Issue 58 - Article 14

Changing approaches to post-disaster shelter

August 7, 2013
Bill Flinn
Families rebuilding using their own resources in a Saharawi refugee camp, Western Sahara

For decades, development and humanitarian architects have stressed the importance of an enabling approach to reconstruction that recognises the central role that affected people play in rebuilding their homes in the wake of disaster. Yet this rhetoric has seldom translated into action, and shelter responses are typified by the provision of inadequate, inappropriate and badly built shelters to a small proportion of the affected population. The success of a shelter response tends to be measured by the number of units provided, and there is pressure to help as many people as possible as quickly as possible. Agencies are prompted to provide larger quantities of smaller, cheaper, temporary houses, at the expense of quality and durability.

This article argues for a shift in the international community’s approach to post-disaster housing reconstruction. It is an argument for less physical building and a greater concentration on helping affected people rebuild their homes themselves. Two central and connected themes support this argument: the growing concern to incorporate disaster risk reduction (DRR) into the rebuilding process; and the sheer scale of the challenge of rebuilding.

Reducing disaster risk

“There is an increasing acknowledgment that DRR is a major requirement for coping with emergencies and enhancing community resilience. It makes more sense to protect communities from disasters ahead of time than to wait for them to happen before responding.” Save the Children UK, At the Crossroads: Humanitarianism for the Next Decade, 2010, p. 17.

This Save the Children analysis from 2010 points out the benefits of closing the door before the horse has bolted (for every dollar spent on DRR, seven dollars of losses can be prevented). However, it is difficult to predict where and when the next disaster will strike, and not easy to raise funds for a disaster that has not yet happened. Nonetheless, there is country-level evidence that risk reduction and preparedness can save lives and reduce the cost of reconstruction. In Cuba, for instance, a national focus on DRR has drastically reduced loss of life from hurricanes; while Hurricane Katrina killed 1,800 people in the United States in 2005 and Cyclone Nargis killed 146,000 people in Myanmar in 2008, three hurricanes that crossed Cuba during the 2008 season killed a total of seven people. For more on Cuba’s approach to DRR, see Oxfam America, Weathering the Storm, 2004.  In Bangladesh, cyclone fatalities have declined dramatically over the past 40 years through disaster preparedness measures, the mobilisation of the Bangladeshi Red Crescent and the construction of community cyclone shelters.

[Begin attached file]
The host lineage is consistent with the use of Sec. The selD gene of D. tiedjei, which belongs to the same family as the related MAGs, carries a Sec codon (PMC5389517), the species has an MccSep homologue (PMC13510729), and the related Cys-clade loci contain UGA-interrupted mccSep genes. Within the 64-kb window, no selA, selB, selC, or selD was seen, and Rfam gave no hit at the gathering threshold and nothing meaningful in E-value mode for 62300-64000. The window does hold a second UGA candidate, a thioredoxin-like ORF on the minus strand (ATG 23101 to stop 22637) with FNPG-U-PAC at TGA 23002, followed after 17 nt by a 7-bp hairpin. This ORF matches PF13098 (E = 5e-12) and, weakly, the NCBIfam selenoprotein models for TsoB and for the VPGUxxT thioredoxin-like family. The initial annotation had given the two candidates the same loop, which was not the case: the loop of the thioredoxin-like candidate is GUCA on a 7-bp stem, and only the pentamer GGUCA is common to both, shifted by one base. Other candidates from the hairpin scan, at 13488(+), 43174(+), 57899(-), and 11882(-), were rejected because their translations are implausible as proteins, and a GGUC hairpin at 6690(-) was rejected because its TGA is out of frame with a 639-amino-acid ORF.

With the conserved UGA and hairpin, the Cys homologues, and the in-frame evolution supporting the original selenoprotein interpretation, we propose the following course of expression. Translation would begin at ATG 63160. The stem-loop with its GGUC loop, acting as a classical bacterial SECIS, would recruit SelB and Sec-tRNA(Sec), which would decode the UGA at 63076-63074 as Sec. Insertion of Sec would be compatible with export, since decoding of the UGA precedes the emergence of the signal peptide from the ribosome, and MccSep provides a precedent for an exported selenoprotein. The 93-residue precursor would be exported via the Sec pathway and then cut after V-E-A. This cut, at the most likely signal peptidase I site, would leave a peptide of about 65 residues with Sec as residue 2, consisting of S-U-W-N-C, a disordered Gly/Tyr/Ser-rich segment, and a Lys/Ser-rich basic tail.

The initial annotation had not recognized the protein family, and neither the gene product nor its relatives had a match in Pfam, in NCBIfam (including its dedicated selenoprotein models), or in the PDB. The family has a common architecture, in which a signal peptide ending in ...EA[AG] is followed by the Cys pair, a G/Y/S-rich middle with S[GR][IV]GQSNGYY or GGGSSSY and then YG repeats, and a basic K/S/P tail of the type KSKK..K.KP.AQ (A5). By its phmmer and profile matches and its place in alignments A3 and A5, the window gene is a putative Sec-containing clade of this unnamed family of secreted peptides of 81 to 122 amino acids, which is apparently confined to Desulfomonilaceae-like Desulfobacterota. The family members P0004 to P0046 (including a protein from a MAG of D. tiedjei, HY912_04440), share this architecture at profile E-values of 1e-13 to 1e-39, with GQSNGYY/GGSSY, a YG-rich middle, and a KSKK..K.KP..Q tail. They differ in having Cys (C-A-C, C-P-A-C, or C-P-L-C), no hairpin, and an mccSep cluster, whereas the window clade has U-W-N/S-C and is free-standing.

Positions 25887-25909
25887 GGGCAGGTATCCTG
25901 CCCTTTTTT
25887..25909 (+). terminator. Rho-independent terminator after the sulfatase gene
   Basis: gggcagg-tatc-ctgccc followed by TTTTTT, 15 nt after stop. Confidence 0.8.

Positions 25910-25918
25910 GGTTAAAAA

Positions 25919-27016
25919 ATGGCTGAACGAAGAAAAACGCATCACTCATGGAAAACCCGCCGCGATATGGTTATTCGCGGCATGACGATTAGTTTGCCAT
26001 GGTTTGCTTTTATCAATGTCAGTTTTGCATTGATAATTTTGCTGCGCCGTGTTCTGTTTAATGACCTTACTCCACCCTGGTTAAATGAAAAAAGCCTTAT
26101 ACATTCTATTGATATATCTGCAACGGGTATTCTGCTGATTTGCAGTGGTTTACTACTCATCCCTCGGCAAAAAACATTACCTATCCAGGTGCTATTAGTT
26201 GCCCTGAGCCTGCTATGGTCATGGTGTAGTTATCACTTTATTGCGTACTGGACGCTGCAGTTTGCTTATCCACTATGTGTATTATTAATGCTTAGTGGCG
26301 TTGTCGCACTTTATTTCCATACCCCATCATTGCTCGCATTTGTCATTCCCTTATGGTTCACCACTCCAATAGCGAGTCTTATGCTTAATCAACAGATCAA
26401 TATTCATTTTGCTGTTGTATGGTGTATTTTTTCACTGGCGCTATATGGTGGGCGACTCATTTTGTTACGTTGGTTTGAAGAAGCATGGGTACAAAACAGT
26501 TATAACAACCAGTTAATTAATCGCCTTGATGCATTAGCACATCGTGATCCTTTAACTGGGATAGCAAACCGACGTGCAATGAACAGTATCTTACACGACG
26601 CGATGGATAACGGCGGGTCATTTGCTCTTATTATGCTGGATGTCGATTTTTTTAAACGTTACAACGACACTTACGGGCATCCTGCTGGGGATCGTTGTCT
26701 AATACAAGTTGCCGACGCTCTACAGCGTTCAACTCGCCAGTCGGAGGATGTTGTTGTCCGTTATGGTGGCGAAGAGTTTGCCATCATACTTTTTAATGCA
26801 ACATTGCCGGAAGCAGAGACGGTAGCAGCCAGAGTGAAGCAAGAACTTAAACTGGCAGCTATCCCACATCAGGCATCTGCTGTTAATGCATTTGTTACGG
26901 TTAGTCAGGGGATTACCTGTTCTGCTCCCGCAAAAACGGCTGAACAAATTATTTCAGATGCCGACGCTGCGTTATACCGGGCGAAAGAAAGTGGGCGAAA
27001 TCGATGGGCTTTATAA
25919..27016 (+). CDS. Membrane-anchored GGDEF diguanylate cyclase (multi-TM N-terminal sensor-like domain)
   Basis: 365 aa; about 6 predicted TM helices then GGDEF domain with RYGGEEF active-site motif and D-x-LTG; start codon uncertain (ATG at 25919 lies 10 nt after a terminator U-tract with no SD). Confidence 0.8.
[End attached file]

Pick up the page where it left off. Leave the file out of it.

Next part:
While it is often difficult to raise money for preparedness, disasters do attract funding and there is a prevailing view that the opportunity disasters present for measures to reduce vulnerability and risk in the future should not be missed. Yet post-disaster efforts to reduce vulnerability are held back by the understandable rush to respond. There is often a failure to recognise that effective DRR demands a steady, slow approach. After a disaster, efforts to get messages across about reducing risk through safer building methods or materials are often limited to rapidly produced posters and leaflets, despite commitments under the 2005 Hyogo Framework for Action to include DRR as part of any post-disaster response.